Are Conservation Houses in Singapore Freehold Properties?

Beyond pieces of history, Singapore’s conservation houses are also smart investments. They come in two types: freehold and leasehold. The freehold ones are more sought after and valuable.

There are three main kinds of these old gems: commercial, residential, and a mix of both.

If you’re not a Singaporean or a Permanent Resident, you can only buy the commercial ones. Foreigners face extra charges, like the Buyer’s Stamp Duty and Additional Buyer’s Stamp Duty, depending on the property and their status.

Key Takeaways

  • Conservation houses in Singapore can be either freehold or leasehold properties.
  • Freehold conservation houses are highly sought-after due to their scarcity and long-term value retention.
  • Residential and mixed-use conservation houses can only be purchased by Singaporeans and Permanent Residents (PR).
  • Buyers of conservation houses with residential components may be subject to additional stamp duties like BSD and ABSD.
  • Conservation houses are subject to strict regulations and guidelines set by the Urban Redevelopment Authority (URA) to preserve their heritage character.

Understanding Conservation Houses in Singapore

In Singapore, some buildings are very special. They are known as conservation houses. The Urban Redevelopment Authority (URA) says these buildings are important because of their design, history, and culture. There are different types, like shophouses and terrace houses.

Definition of Conservation Houses

Most of the conserved buildings in Singapore are traditional shophouses. They were built from the early 1800s to the mid-1900s. At first, these buildings had shops on the lower floor and homes above. Now, they serve many different purposes. Like offices, hotels, restaurants, and a few are still homes.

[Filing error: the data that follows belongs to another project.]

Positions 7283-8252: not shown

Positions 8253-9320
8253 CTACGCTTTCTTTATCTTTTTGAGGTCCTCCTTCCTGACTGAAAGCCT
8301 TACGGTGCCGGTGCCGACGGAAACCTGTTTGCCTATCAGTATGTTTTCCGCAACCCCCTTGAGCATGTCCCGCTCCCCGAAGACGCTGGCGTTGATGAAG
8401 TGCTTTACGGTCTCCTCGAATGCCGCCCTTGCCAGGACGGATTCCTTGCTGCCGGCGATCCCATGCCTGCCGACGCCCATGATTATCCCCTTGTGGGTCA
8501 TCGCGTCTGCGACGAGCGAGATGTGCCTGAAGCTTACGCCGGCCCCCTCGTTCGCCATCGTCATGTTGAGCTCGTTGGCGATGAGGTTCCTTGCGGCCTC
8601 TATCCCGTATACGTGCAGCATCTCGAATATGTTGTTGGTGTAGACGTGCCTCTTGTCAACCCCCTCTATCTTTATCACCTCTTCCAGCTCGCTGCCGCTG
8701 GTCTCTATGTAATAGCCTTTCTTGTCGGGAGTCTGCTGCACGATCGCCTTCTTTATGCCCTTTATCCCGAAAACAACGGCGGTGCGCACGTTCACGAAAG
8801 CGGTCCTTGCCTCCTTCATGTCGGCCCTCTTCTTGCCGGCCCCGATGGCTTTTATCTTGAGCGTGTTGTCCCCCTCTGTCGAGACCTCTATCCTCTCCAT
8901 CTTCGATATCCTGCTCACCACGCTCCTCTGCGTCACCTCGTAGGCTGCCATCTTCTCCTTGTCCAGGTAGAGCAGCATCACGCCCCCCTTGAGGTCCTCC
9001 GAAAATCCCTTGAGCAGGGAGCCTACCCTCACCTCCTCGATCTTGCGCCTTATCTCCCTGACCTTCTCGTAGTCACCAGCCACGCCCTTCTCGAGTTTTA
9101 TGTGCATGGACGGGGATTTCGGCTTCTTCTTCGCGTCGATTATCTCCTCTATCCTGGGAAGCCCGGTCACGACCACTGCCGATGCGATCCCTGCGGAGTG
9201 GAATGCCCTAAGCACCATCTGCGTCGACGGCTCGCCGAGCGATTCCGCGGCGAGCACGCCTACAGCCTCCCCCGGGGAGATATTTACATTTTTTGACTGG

But, no one can tear these buildings down or fully change them. Any work done must keep their historic charm. The URA makes sure these buildings are looked after carefully.

Types of Conservation Houses

In Singapore, there are many kinds of conservation houses. You can find shophouses, terrace houses, and bungalows. They can be used for living, working, or both. This gives lots of options for people who might want to buy or invest in them.

Significance of Conservation Houses

The historic homes singapore are very important. They connect us to the past. Terace houses singapore and shophouses singapore show the history and beauty of Singapore. They help us see what life was like before.

By keeping the bungalows singapore safe, we learn about our history. It makes us respect Singapore even more. We understand where we come from. These special places are our link to the past.

Ownership and Regulations for Conservation Houses

Owning and regulating conservation houses in Singapore have some important rules. Only conservation houses with residential parts can be bought by Singaporeans and PRs. This is because of the Residential Property Act managed by the Singapore Land Authority (SLA).

Ownership Restrictions for Residential Components

For PRs to buy a residential conservation house, they need to have PR status for 5 years. They must also get approval from the Land Dealings Approval Unit (LDAU).

Stamp Duties for Conservation House Purchases

When buying conservation houses with residential parts, you’ll pay more than just the usual Buyer’s Stamp Duty (BSD). You might face the Additional Buyer’s Stamp Duty (ABSD) too, based on your nationality and other properties you own. For PRs, this could mean an ABSD of up to 35% on the 3rd property they buy.

Regulations and Guidelines for Conservation Houses

Conservation houses must follow rules from the Urban Redevelopment Authority (URA). These rules say any changes to the houses must keep their original design and heritage features.

are conservation houses in sg freehold

Conservation houses in Singapore can be either freehold or leasehold. Freehold properties are popular because you own them forever and they usually go up in value. They show off Singapore’s unique architecture and bring a historic vibe to the country.

Freehold vs Leasehold Conservation Houses